3. "American made" means made by a U.S.-based company. The transition to a global marketplace has altered the way we must define "American made." The auto industry is a case in point: For years, an American car was perceived as one made by Ford, GM, or Chrysler (which has, in fact, been foreign-owned since 1998). But more than half of the so-called foreign cars sold in the U.S. today are actually made here. In all, nearly 100,000 Americans work at foreign-owned auto plants in this country.

MAPI Predicts the U.S. Manufacturing Sector Will Not Be Fully Recovered Until Q4 2014
U.S. manufacturing output is only 75% of its prerecession peak.

Autos may be the most glaring example of foreign-owned manufacturers making stuff in this country, but many other examples abound: EADS makes jets here, Novartis and GlaxoSmithKline make prescription drugs and vaccines, Bridgestone and Michelin make tires, and Siemens makes a laundry list of goods, including power distribution and smart grid equipment.

In all, U.S. subsidiaries of global companies employ close to 6 million workers here -- almost 40% of whom are in manufacturing. Foreign-owned manufacturers are responsible for almost one-fifth of all exports from this country. If it's produced here, the impact on the U.S. economy is the same no matter what the language of the parent company. 

Stephen Gold is president and CEO of Manufacturers Alliance for Productivity and Innovation, Arlington, Va. 

About the Author

Stephen Gold | President and Chief Executive Officer, Manufacturers Alliance

Stephen Gold is president and CEO of Manufacturers Alliance. Previously, Gold served as senior vice president of operations for the National Electrical Manufacturers Association (NEMA) where he provided management oversight of the trade association’s 50 business units, member recruitment and retention, international operations, business development, and meeting planning. In addition, he was the staff lead for the Board-level Section Affairs Committee and Strategic Initiatives Committee.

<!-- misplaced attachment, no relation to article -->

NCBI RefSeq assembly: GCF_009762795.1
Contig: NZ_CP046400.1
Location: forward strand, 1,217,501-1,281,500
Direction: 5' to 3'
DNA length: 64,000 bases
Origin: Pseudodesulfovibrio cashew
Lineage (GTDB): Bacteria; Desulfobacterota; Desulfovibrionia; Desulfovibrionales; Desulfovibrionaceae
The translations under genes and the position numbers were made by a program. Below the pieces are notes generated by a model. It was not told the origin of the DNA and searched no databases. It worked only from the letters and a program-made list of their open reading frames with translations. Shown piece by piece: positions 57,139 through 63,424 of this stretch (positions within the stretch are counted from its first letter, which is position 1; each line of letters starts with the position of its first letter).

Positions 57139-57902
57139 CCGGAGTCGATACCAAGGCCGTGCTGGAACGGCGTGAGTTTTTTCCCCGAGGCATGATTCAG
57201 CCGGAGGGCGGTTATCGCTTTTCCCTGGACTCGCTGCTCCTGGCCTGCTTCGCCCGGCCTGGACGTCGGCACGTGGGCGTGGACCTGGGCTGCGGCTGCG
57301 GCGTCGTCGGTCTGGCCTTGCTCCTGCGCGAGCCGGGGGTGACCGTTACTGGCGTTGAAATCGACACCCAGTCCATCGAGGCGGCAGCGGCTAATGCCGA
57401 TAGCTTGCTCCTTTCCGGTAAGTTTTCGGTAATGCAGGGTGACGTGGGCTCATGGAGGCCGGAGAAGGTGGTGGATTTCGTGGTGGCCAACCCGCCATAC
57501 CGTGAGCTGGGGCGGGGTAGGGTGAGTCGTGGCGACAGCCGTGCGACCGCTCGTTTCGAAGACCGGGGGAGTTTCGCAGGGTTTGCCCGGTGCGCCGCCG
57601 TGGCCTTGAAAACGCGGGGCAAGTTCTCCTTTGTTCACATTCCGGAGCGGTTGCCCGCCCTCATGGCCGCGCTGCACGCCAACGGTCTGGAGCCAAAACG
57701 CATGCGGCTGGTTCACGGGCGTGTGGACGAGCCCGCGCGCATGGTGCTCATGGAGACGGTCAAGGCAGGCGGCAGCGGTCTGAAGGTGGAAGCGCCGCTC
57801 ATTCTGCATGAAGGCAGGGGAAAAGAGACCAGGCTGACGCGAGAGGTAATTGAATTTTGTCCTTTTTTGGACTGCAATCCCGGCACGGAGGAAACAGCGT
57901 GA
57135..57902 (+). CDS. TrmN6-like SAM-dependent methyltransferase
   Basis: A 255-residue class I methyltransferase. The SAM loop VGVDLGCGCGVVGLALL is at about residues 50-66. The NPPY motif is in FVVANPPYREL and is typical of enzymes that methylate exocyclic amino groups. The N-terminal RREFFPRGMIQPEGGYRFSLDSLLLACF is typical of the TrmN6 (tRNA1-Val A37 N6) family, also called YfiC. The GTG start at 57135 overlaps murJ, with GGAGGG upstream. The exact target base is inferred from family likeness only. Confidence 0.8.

Gold has an extensive background in business-related organizations and has represented U.S. manufacturers for much of his career. Prior to his work at NEMA, Gold spent five years at the National Association of Manufacturers (NAM), serving as vice president of allied associations and executive director of the Council of Manufacturing Associations. During his tenure he helped launch NAM’s Campaign for the Future of U.S. Manufacturing and served as executive director of the Coalition for the Future of U.S. Manufacturing.

Before joining NAM, Gold practiced law in Washington, D.C., at the former firm of Collier Shannon Scott, where he specialized in regulatory law, working in the consumer product safety practice group and on energy and environmental issues in the government relations practice group.

Gold has also served as associate director/communications director at the Tax Foundation in Washington and as director of public policy at Citizens for a Sound Economy, a free-market advocacy group. He began his career in Washington as a lobbyist for the Grocery Manufacturers of America and in the 1980s served in the communications department of Chief Justice Warren Burger’s Commission on the Bicentennial of the U.S. Constitution.

Gold holds a Juris Doctor (cum laude) from George Mason University School of Law, a master of arts degree in history from George Washington University, and a bachelor of science degree (magna cum laude) in history from Arizona State University. He is a Certified Association Executive (CAE).